Recibido: 2 de octubre de 2013. Aprobado: 21 de marzo de 2014. Modificado: 25 de abril de 2014

Bibliography

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2. Claudel, Paul. Connaissance de l'Est. Paris: Mercure de France, 1907. (English transl.), Frances, Teresa. The East I Know. Yale University Press, 1914.

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4. Kishida, Hideto. Kako no Kosei (Compositions of the Past). Tokyo: Koseisha Shobo, 1927. 22 Woolf, Between the Acts, last words.

5. Kunio Maekawa Retrospective Catalogue. Bijutsu Shuppan Design Center. Tokyo: The Exhibition Organizing Committee for Kunio Maekawa Retrospective 2006.

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14. McLeod, Mary. Charlotte Perriand, an Art of Living. New York: Harry N. Abrams, 2003. Especially Zenno, Yasushi. Fortuitous Encounters: Charlotte Perriand in Japan 1940-1.

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20. Reynolds, Jonathan M. Maekawa Kunio and the Emergence of Japanese modernist Architecture. Berkeley, Los Angeles, London: University of California Press, 2001. Especially A journey to the West and Architecture, Politics and Le Corbusier: 57-67.

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On Reiko Hayama's realisations

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Irene Vogel Chevroulet

[correo] irene.vogelchevroulet@epfl.ch

Dr., Scientific Collaborator, and Lecturer at the Swiss Federal Institute of Technology Architecture School, Lausanne

Yasushi Zenno

[correo] zzzzenno@yahoo.co.jp

Lecturer at Aoyama Gakuin Women's Junior College

(1) Card written by Pierre-Andre Emery, who was among the first team of collaborators at Atelier Rue de Sevres 35, to Siegfried Giedion on 12 November 1965, the day following the death of Le Corbusier. (Harvard University, Frances Loeb Library). In Quetglas, Les Heures Claires. Proyecto y arquitectura en la Villa Savoye de Le Corbusier y Pierre Jeanneret, 345.

(2) For an analysis of this creative critical process of Le Corbusier's works, such as the one done by James Stirling, see Vidler, James Frazer Stirling Notes from the Archives.

(3) This article is based on Reiko Hayama's interviews, conducted on 26 April, 9 July 2013 and 12 June 2014 in Paris, which focused on Le Corbusier's legacy. Background information comes from previous interviews during the collaboration initiated in 2005 between Irene Vogel Chevroulet and Yasushi Zenno around Charlotte Perriand's work within the network of Japanese architects including Kunio Maekawa and Junzo Sakakura. We would like to thank Reiko Hayama for her contribution, as well as Marx Levy and Patrick Berger whose insights on Le Corbusier's filiation enriched our research. Thanks also to Edward Moran for careful proofreading.

(4) Claudel, Connaissance de I'Est, 170-172. The East I Know, 122, 131-132. Claudel travelled to Japan in 1898.

(5) Le Corbusier, Carnets 1 1914-1948, No.57, 60, 71, 96 and 152.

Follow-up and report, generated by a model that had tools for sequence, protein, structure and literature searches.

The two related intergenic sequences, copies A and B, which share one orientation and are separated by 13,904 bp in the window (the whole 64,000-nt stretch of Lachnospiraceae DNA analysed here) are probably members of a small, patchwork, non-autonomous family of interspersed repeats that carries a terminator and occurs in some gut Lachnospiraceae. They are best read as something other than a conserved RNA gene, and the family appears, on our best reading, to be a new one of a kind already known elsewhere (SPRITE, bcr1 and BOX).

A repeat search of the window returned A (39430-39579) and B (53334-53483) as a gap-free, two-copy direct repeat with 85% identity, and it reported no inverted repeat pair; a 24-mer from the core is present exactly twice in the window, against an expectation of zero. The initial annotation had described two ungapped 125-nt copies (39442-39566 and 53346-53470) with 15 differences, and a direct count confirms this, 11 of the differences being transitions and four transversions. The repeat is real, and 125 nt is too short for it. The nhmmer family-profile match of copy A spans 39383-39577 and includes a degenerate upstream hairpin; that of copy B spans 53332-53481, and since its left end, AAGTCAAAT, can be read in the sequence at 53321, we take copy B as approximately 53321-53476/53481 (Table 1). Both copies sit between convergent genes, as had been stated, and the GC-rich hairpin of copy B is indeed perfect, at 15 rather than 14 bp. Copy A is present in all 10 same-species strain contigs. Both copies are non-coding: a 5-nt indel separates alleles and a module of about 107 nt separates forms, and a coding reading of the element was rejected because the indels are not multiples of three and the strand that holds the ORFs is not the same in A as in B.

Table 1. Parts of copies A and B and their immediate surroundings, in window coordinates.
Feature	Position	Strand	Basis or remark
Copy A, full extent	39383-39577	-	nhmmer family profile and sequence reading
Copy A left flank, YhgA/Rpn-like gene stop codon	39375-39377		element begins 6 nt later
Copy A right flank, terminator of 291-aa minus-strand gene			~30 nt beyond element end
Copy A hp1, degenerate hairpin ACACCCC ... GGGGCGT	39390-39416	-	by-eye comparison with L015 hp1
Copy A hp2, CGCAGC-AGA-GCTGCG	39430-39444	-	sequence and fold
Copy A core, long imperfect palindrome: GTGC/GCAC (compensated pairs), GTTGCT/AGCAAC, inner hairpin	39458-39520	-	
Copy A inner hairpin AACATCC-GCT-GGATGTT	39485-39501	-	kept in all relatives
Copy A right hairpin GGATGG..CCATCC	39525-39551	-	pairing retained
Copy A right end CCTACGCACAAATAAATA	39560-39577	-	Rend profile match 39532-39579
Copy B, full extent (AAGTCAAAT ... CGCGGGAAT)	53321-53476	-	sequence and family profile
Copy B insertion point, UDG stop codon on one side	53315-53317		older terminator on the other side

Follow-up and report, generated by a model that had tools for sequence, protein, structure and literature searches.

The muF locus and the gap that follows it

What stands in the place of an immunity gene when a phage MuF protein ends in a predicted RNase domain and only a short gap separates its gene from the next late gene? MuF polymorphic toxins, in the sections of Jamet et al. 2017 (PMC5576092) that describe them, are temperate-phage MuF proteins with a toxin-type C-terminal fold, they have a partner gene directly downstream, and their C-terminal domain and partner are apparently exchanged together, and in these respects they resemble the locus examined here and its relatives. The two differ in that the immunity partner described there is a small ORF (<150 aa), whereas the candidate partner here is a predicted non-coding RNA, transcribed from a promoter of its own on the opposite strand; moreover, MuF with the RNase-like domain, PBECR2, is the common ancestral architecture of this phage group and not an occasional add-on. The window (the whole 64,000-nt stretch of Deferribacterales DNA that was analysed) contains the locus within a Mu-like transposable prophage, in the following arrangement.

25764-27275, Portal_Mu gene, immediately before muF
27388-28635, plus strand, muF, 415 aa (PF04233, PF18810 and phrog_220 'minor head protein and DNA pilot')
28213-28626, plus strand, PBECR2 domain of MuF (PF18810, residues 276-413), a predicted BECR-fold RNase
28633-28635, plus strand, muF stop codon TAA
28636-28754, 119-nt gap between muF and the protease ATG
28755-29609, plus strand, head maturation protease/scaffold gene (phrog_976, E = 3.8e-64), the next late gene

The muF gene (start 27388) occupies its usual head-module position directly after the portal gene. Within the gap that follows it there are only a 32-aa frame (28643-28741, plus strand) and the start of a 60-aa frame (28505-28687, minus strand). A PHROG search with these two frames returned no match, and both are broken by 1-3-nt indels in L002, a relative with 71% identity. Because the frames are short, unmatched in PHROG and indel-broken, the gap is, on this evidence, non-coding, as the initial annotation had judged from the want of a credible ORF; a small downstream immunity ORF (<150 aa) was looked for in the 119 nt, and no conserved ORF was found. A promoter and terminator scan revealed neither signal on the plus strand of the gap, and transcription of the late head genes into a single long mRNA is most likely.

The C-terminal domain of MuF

(6) Kishida, Kako no Kosei, 54.

(7) Zenno, Fortuitous Encounters Charlotte Perriand in Japan 1940-1, 110.

(8) Reynolds, Maekawa Kunio and the Emergence of Japanese modernist architecture, 51.

(9) For a thorough analysis on this villa including Japanese sources, see Jacquet, La villa Katsura et ses jardins: l'invention d'une modernite japonaise dans les annees 1930 in Fieve and Jacquet: Vers une modernite architecturale et paysagere.

(10) In Monnier, Le Corbusier et le Japon, Maki, Fumihiko : Le syndrome Le Corbusier sur le processus d'evolution de Architecture moderne au Japon, 33-45.

(11) According to Sori Yanagi, a ministry official was reading Le Corbusier's writing and wanted to invite him to Japan. He consulted Sakakura who told him that Le Corbusier would not accept the invitation and recommended Perriand instead. In Zenno, Fortuitous Encounters, 91.

(12) Maekawa, Mokuyokai zasshi, 14.

(13) Le Corbusier, Carnets 1, N[do.]532, 1932.

(14) In 1955, Le Corbusier published Le Modulor 2, La parole est aux usagers. For an analysis of these two publications, see Leniaud et Bouvier, Le Modulor comme outil autobiographique.

(15) She did so after answering Maekawa: "I will wait until the cuckoo sings" and remaining seated in the corridor outside his office for hours afterwards. This is the last verse of a poem which belongs to a set of three haiku attributed to three of Japan's most powerful samurai leaders in that period: Tokugawa leyasu (1543-1616), Oda Nobunaga (1534-1582), and Toyotomi Hideyoshi (1536-1598). Each poem reveals in a dense and humoristic manner, the true personality of its author. In his reply to Ieyasu, Nobunaga would have said: "nakanunara koroshite shimae hototogisu" ("He does not want to sing? Let's kill him, a little cuckoo."). Hideyoshi would have then added: "nakanunara nakashitemiyoo hototogisu" ("He does not want to sing? I will make him sing, a little cuckoo."). The narrative of these haiku reveal a significant affinity between Hayama and Maekawa: the persistence of a strong will.

(16) Reynolds, Maekawa Kunio and the Emergence of Japanese Modernist Architecture, 217.. In his Shangai and Mukden branch offices, Maekawa did work though on large-scale urban plans for Shangai and also for Mandchuria, but they were never built.

(17) Bedarida, "Rue de Sevres 35 L'envers du decor" in Le Corbusier une encyclopedie, 354-359.

(18) Vidler, James Frazer Stirling Notes from the Archives, 51.

(19) Prof. Hiroshi Matsukuma informed us that the project's drawings unfortunately disappeared in a fire.

(20) Confidentiality reasons unfortunately prevent us presenting the house's plans.

(21) Other architects created their own Modulor: Jorn Utzon used the Utzolor since 1968, a system managing furniture's dimensional coordination. See Jorn Utzon.